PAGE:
Friday, 26 August 2011

The Dough Diaries

After my recent attempt at the Play Doh technique, I am all fired up about practicing this until I get really good. 

I am also all fired up about playing with Play Doh! I have loved this stuff since I was young; it is just so squidgy and fun. 

So I recently bought a selection of the different brands of dough, in order to determine which works best when reducing background-less canes. It was also an excuse to buy lots of pretty colours and have a good squidge (I blame my need to squidge on the fact that I never received the barber shop play doh kit despite it being on my Christmas list for several years).

I made 5 simple flower canes out of Fimo soft, packed them with dough and scrap clay, reduced them and washed off the dough.

So far, I would say the following about each brand:

  • Hobbycraft Soft Dough: It didn't hold up as well as the other brands. I lost a fair amount of clay at the ends of the cane. This pot of dough was slightly older and thus firmer and I wondered if this might help when reducing: it didn't. It didn't dissolve that well in the water either and meant lots of handling of the cane to brush off the excess dough. The cane that was useable after reducing, was however one of the neater ones. 
Hobbycraft Soft Dough used.

  • Crayola Dough: I purchased a fresh pot of dough but the dough was quite dry. I don't know if all crayola dough is this dry or if I just got a pot that had sat on the shelf for a while. I found the dough was stubborn when it came to dissolving it and that meant a lot of handling of the cane to brush the extra off. When the clay is wet it's very soft and subject to finger distortion so a lot of handling is not recommended. The cane itself also distorted a lot when I reduced it using this brand of dough. The dough was more expensive than the other brands.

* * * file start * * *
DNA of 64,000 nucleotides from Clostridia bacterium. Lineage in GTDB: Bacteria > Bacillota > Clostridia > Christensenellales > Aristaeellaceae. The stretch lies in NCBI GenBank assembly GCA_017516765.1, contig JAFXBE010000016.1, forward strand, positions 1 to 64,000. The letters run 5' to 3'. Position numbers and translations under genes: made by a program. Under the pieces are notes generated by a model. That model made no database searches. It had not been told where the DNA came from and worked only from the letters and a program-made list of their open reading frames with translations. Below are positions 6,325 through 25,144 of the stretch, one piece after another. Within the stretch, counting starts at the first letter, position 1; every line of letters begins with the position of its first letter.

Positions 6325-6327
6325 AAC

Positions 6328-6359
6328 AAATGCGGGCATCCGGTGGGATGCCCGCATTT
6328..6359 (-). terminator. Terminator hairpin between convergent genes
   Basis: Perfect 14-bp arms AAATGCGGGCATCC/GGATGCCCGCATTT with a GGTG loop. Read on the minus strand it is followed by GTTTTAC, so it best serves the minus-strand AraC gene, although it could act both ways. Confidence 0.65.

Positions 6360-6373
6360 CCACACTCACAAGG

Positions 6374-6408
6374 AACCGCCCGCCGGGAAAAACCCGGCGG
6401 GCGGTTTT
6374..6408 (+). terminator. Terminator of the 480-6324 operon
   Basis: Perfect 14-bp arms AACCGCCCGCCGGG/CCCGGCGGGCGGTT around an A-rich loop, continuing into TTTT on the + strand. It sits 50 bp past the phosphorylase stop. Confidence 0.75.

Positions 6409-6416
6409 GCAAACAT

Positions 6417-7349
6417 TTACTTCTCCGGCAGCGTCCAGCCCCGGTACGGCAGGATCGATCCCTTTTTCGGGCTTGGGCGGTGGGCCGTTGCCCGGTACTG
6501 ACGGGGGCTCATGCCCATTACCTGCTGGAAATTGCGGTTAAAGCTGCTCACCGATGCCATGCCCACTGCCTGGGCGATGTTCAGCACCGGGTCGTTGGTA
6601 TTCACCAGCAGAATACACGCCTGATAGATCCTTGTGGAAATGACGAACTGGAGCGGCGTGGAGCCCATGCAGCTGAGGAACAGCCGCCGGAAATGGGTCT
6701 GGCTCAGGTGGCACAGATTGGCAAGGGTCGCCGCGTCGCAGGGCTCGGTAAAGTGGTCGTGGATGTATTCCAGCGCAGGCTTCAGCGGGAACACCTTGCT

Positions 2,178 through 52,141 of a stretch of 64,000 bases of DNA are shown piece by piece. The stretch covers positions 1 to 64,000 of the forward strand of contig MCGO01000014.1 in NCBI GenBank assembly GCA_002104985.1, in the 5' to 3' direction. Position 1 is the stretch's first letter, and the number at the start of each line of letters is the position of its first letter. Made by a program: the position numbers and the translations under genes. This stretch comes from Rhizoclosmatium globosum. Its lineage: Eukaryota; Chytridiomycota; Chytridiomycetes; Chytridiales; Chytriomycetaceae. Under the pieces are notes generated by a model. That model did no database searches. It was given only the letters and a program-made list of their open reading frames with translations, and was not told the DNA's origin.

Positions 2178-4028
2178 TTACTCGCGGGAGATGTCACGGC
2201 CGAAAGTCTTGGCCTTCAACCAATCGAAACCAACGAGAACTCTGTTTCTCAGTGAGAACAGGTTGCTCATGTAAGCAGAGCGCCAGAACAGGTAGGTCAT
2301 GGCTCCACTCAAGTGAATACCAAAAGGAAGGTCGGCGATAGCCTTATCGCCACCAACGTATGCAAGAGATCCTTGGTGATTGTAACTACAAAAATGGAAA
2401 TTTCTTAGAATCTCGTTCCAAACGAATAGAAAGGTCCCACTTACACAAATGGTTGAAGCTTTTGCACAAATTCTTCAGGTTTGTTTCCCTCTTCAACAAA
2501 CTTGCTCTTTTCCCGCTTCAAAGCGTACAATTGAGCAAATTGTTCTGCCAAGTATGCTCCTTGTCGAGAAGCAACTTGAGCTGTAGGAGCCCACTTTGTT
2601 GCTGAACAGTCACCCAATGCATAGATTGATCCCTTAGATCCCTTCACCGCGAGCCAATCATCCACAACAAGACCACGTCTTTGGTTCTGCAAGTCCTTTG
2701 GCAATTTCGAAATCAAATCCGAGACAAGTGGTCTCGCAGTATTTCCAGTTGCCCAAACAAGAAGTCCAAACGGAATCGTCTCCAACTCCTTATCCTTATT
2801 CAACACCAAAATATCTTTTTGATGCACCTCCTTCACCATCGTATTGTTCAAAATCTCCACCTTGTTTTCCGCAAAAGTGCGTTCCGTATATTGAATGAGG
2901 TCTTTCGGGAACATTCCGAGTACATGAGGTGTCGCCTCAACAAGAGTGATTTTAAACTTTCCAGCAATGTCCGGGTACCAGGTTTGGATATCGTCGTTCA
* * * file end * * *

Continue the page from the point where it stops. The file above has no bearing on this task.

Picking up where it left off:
Crayola Dough used.

  • Early Learning Centre's Soft Stuff: This seems to work well when reducing the cane and reduced at a similar speed to the cane. The dough came off fairly easily in water but did need a bit of rinsing after brushing the excess dough off. The end cane was pretty decent, especially in the middle. The dough is well priced and definitely worth another go.
Early Learning Centre Soft Stuff used.

  • Star Dough: This seemed to work well and came off fairly easily in the water. However looking at the end cane, there is a fair bit of distortion.
Star Dough used.

  • Play Doh. The original brand! This worked well when reducing the cane and came off very easily in the water with only minimal handling of the cane required. The pot of dough was older and had been handled a fair bit before use (hey remember that Barber Shop story?) but was still in good condition. The end cane was a bit squished in the middle but there was noticably less scrap cane. 
Play Doh used. 

A couple of the pots of dough were older so I'd like to try comparing brands again when they are nice and fresh. Fimo soft probably isn't the best brand of clay to use for this technique as it becomes very soft when placed in water and it's easy to damage the cane when handling. The clay was noticeably different in firmness depending on the colour and that affected my results.

Conclusion: I need to practice more. 

1 comment:

  1. Looks like you've been having fun! I haven't played that much with the play dough technique as I didn't like the cleaning up bit. Be interested to see how you get on with it over time.


Leave a fab comment here